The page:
Sometimes there are events in history you just can’t let go of.
Mine took place on March 23, 1903.
The location was the Craftsman Building in downtown Syracuse, where Gustav Stickley hosted the first of what I like to call his Arts and Crafts Conferences. Actually, he called his an “Arts and Crafts Exhibition,” but since it was more than simply a show, it must have felt like a conference to those 200 converts who assembled in the lecture hall that evening to hear the first of the two week’s seminars.
Had you and I been among those curious first-time attendees, we would have paid our twenty-five-cent admission to stroll around the exhibition hall, anxious to pick out something to proudly display on our oak sideboard.
And who might we have chatted with, besides a proud but slightly nervous Gus in his three-piece wool suit and his new designer, the wispy architect Harvey Ellis?
Perhaps their friend 36-year-old Bill Grueby, standing proudly amid his display of matte green vases and bowls, a few decorated with yellow flower buds or thick, applied leaves. Or maybe manager Mary Sheerer, potter Joseph Meyer, or one of their fifteen talented female decorators from Newcomb College Pottery. Young Artus Van Briggle most likely was too ill to travel from Colorado, but he and his wife Anne did ship a crate of their early art pottery to sell at Stickley’s show.
Porcelain ceramic artist Adelaide Alsop Robineau lived in Syracuse, so she and her husband undoubtedly would have set up her display and most likely would have been in the audience that first evening. Rookwood staffed their booth with representatives who took the train from Cincinnati, and Robert Jarvie and Jessie Preston, both Chicago metalsmiths, might also have spent some time beside their displays.
Just think for a moment what you might have brought home in your free tote bag . . . .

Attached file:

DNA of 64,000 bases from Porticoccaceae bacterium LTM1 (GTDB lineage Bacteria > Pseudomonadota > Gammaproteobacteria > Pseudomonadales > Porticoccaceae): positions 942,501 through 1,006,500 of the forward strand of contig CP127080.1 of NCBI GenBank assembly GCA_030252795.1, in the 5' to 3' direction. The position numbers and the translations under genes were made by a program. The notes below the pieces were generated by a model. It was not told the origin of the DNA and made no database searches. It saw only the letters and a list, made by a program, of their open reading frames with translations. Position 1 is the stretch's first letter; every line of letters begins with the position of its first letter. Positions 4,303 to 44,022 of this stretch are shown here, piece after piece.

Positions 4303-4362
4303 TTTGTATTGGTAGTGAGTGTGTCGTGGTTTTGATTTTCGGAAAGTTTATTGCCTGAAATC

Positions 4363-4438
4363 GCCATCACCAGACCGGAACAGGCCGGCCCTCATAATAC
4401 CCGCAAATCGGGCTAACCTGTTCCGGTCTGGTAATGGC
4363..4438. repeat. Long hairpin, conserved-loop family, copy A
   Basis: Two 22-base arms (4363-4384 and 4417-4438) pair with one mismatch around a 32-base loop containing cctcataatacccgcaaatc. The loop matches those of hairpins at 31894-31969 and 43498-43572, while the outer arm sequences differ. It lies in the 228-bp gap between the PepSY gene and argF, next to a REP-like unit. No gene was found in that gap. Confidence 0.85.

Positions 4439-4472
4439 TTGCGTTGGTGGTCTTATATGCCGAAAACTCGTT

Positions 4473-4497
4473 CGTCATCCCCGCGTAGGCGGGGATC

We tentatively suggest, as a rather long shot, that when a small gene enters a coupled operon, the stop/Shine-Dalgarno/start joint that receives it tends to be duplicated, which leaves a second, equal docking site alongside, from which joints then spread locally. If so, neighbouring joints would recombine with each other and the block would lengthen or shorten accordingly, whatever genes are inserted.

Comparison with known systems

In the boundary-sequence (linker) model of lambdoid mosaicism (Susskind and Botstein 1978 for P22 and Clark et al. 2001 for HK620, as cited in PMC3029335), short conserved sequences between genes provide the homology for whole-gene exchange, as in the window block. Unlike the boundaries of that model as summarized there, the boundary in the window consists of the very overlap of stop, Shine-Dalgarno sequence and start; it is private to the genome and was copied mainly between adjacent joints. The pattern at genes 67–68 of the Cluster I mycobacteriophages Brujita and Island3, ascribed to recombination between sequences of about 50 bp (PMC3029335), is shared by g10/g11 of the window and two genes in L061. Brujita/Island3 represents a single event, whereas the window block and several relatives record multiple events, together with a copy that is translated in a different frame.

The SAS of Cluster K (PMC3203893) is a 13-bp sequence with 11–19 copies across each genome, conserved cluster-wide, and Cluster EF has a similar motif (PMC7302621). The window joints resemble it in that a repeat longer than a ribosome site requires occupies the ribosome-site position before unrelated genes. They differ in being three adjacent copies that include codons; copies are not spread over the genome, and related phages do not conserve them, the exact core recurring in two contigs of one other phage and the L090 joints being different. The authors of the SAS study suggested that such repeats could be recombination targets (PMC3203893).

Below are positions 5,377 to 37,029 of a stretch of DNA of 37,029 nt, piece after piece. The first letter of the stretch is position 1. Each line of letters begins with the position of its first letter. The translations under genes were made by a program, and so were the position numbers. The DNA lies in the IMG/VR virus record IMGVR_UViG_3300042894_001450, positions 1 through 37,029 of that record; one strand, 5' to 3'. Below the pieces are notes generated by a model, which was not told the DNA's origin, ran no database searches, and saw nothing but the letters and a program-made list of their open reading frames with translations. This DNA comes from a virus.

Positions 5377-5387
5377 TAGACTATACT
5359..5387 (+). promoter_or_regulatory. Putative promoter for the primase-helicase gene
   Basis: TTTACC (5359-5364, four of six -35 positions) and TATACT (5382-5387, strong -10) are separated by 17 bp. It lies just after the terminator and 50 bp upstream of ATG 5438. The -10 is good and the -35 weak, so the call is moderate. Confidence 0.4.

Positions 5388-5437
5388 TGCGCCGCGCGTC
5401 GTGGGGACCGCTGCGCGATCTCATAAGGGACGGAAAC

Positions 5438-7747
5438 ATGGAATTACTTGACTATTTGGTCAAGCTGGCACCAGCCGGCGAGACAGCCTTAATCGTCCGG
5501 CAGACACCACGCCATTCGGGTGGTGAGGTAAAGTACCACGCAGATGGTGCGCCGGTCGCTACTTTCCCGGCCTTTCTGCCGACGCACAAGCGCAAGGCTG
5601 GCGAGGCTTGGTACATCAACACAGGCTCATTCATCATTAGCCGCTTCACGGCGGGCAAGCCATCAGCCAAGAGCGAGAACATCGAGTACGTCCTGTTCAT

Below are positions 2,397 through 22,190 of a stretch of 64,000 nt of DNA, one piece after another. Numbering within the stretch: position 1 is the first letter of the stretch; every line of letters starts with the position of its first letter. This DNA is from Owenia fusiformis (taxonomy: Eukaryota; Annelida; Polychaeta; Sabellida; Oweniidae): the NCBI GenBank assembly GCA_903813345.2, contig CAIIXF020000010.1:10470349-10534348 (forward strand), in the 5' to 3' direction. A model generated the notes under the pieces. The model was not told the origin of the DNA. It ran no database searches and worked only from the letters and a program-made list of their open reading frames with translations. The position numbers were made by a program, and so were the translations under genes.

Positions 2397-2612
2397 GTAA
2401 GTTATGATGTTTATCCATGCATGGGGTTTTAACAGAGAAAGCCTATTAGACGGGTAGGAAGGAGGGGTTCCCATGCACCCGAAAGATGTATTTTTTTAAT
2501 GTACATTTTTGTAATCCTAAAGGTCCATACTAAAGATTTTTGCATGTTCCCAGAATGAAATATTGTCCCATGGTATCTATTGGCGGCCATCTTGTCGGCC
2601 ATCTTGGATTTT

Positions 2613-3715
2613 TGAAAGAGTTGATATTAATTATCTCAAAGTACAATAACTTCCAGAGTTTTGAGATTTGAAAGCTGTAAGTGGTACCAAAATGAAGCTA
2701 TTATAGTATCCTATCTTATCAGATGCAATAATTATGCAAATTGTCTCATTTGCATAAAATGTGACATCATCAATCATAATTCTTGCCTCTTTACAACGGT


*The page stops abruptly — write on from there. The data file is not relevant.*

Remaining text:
All of this requires some conjecture, for our resources for this landmark event are limited to a couple of brief newspaper articles and a review written by Stickley’s editor Irene Sargent, who, rather than Gustav Stickley himself, stood at the podium and welcomed everyone on opening night.
(Given the chance, I would have slipped her a large glass of wine and asked the spinster Syracuse professor of ancient languages, a longtime fan of Ruskin and Morris, “Just how did you happen to meet Mr. Stickley?”)
As an historian, in 1988 when I was preparing for the inaugural National Arts and Crafts Conference at the 1913 Grove Park Inn overlooking Asheville, I knew I had to produce a catalog. It served two purposes: as a guidebook for the three-day event and as an historical record of the speakers and their topics, as well as each of the exhibitors who took part in the show.
As the conference continued and expanded, so did the catalog, evolving from a 24-page, black-and-white, stapled booklet into an 88-page, full color, bound catalog. The directory of exhibitors, both antiques dealers and contemporary craftsfirms, along with advertisements from other firms, also found another purpose: that of a year-round resource guide for Arts and Crafts collectors and homeowners.
Now I’m working on the 35th conference edition, as I still enjoy placing the ads, editing and writing the articles, and working with Blue Ridge Printing to select the best weight and gloss of paper.
Other than in my office, I wonder if there are any other complete sets of all 33 catalogs. The Covid pandemic prevented us from publishing #34 in 2021. That will drive Arts and Crafts historians and collectors crazy searching for it a hundred years from now!
And when they are thumbing through those old conference catalogs, who among the exhibitors listed there will they be wishing they could have met?
Until next week,
“I think the older you are, the more you’re going to cling to the printed word as being sacred.” – Buzz Bissinger
PS – In case you have not seen a recent catalog, the link below will give you the opportunity to flip through the 33rd edition we published in February of 2020.